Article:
Visa Glitch Delays Cuban Team
May. 02, 1999
HAVANA (AP) _ The Cuban national baseball team's flight to Baltimore was delayed until Sunday afternoon because of holdups in some U.S. visas for the more than 300 people in the delegation, according to Cuba's official news agency.
The visa holdup for a brief time had endangered the team's trip to the United States for Monday's exhibition game against the Baltimore Orioles at Camden Yards. At one point, the Cuban government said the whole trip was in danger of being not only delayed, but suspended.
Cuba's Prensa Latina news service said early Sunday that the flight would leave in the afternoon. It gave no exact time.
It said the visa problem was worked out late Saturday night but gave no details.
The Cuban team will be led by sluggers Omar ``El Nino'' Linares, Orestes Kindelan, Antonio Pacheco and Gabriel Pierre. The last three were unable to play in the first game against the Orioles, held in Havana on March 28, because they were tied up in Cuba's national baseball series.
The pitchers include Cuba's best: Jose Ariel Contreras, Jose Ibar and Pedro Luis Lazo. The others are Norge Luis Vera, Ormary Romero, Alexis Rodriguez and Maels Rodriguez.
``I am ready to start in the game if they chose me to pitch,'' said Contreras as he and other players picked for Cuban squad received their uniforms at a store near Parque Central.
``I'll pitch like I did here, with hardballs and curveballs,'' Contreras said, as he signed autographs for local fans.
Contreras held the Orioles scoreless in his eight-inning relief appearance March 28 at Latinoamericano stadium, though Baltimore won 3-2 in 11 innings in the first appearance by a major league team in Havana in 40 years.
The right-handed Contreras struck out 10 batters _ including slugger Albert Belle twice _ while allowing two hits.
On Saturday afternoon, before Cuban sports officials had publicly announced the starting lineup, the players knew only that they were to pick up their uniforms for the game in Baltimore. But they were unclear about what role they were to play.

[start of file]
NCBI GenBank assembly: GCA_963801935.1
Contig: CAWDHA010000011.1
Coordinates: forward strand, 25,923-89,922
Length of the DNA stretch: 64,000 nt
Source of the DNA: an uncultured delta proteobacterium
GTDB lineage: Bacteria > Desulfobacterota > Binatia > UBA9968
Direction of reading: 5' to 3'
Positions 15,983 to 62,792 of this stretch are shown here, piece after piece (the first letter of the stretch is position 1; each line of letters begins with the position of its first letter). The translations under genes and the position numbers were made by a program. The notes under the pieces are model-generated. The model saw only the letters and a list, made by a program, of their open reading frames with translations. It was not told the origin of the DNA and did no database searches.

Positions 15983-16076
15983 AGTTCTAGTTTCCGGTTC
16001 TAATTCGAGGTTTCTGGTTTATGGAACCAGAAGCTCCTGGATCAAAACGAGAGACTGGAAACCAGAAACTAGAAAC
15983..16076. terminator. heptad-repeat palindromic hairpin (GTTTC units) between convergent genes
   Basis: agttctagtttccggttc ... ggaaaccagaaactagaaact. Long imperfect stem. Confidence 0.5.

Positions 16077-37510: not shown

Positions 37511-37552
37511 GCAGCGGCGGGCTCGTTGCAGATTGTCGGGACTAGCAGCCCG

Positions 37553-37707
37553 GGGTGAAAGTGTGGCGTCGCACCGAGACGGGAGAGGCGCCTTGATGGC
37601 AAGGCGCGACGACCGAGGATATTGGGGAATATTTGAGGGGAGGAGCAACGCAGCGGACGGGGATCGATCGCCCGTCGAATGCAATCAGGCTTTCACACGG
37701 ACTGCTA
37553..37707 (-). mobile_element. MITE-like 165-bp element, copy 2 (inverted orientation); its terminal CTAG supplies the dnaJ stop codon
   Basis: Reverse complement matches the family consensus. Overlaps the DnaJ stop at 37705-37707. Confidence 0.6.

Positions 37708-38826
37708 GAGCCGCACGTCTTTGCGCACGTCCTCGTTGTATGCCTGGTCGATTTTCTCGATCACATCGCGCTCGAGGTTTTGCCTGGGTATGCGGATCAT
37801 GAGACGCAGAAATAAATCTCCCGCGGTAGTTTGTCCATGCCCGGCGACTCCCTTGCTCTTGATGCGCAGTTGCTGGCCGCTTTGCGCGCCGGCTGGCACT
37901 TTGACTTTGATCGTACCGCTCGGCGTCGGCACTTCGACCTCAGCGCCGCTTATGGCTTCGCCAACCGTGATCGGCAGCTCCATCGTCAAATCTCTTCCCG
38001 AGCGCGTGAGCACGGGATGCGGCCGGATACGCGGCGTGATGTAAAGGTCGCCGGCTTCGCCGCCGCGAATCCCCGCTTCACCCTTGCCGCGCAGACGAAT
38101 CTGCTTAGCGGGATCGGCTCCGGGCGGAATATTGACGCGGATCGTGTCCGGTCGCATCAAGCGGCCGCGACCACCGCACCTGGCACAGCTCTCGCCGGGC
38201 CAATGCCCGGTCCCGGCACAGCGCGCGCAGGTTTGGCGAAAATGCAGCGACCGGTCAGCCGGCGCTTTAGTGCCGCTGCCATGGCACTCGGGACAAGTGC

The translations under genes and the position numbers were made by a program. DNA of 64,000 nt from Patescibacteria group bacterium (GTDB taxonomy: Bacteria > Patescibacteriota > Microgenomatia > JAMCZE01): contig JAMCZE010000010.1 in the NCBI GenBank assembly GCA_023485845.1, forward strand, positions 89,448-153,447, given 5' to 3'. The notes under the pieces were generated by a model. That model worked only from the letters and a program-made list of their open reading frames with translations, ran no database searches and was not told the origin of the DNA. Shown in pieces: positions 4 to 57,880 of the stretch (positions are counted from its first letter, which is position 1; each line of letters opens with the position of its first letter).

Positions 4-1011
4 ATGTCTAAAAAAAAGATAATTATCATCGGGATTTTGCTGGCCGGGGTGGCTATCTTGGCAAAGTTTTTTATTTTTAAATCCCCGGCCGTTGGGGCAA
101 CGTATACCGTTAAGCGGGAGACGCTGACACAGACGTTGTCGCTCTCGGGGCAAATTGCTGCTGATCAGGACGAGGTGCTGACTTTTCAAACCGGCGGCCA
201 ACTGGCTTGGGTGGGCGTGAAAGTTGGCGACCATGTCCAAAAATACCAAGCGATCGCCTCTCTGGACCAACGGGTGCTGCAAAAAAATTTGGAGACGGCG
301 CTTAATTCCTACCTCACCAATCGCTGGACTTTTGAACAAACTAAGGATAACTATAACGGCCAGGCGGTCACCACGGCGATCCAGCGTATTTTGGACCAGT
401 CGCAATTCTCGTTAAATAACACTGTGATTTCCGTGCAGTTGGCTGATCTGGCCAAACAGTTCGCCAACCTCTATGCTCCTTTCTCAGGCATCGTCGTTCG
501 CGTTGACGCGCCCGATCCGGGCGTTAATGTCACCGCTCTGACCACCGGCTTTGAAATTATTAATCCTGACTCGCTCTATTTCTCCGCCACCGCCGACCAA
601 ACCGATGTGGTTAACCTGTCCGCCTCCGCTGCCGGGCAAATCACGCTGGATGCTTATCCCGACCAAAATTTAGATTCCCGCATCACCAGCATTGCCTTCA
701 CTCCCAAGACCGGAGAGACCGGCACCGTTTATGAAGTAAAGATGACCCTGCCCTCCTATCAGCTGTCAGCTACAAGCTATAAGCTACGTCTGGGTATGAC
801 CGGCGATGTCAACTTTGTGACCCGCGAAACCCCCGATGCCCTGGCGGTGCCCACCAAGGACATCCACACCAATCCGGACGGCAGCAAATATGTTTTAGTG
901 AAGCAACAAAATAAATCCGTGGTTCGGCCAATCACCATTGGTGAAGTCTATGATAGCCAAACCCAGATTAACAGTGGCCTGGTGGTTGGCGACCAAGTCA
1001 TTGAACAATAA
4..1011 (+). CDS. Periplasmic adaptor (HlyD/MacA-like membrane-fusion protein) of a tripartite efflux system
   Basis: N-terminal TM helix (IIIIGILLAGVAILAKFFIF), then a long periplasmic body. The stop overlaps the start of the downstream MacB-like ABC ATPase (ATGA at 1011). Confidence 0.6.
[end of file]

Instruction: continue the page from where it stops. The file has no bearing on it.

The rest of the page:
``I don't really know if I am going to pitch in the game,'' said another of Cuba's best pitchers, Pedro Luis Lazo, who was the loser in the first game. ``It all depends on the manager. If needed, I'll work as relief.''
Also picking up his uniform was Jose Ibar, who started in the March 28 game. ``I'm going for Cuba,'' said Ibar, who has won 38 games in the last two years.
About 200 fans crowded around the players outside the store as word spread that they were there to pick up their uniforms.
Others included leftfielder Javier Mendez, designated hitter Orestes Kindelan and second baseman Antonio Pacheco, none of whom played in the first exhibition because they were tied up with the national baseball series.
Kindelan and Pacheco play for the Santiago team, which won the series. Mendez plays for the hometown favorite Industriales, which came in second.
``This team is going to have some of the most powerful players,'' said Lucel Mesa, 16, an agronomy student who gathered with the others to get autographs. ``We're going to win.''
Adding to Cuba's chances are the Orioles' struggles. Baltimore had the worst record in the major leagues entering the weekend and was concentrating more on ending its slump than on meeting the Cubans.
Nothing discouraged Maria Fandina, a 72-year-old housewife who asked for Lazo's autograph.
``It is going to be a great game,'' she said.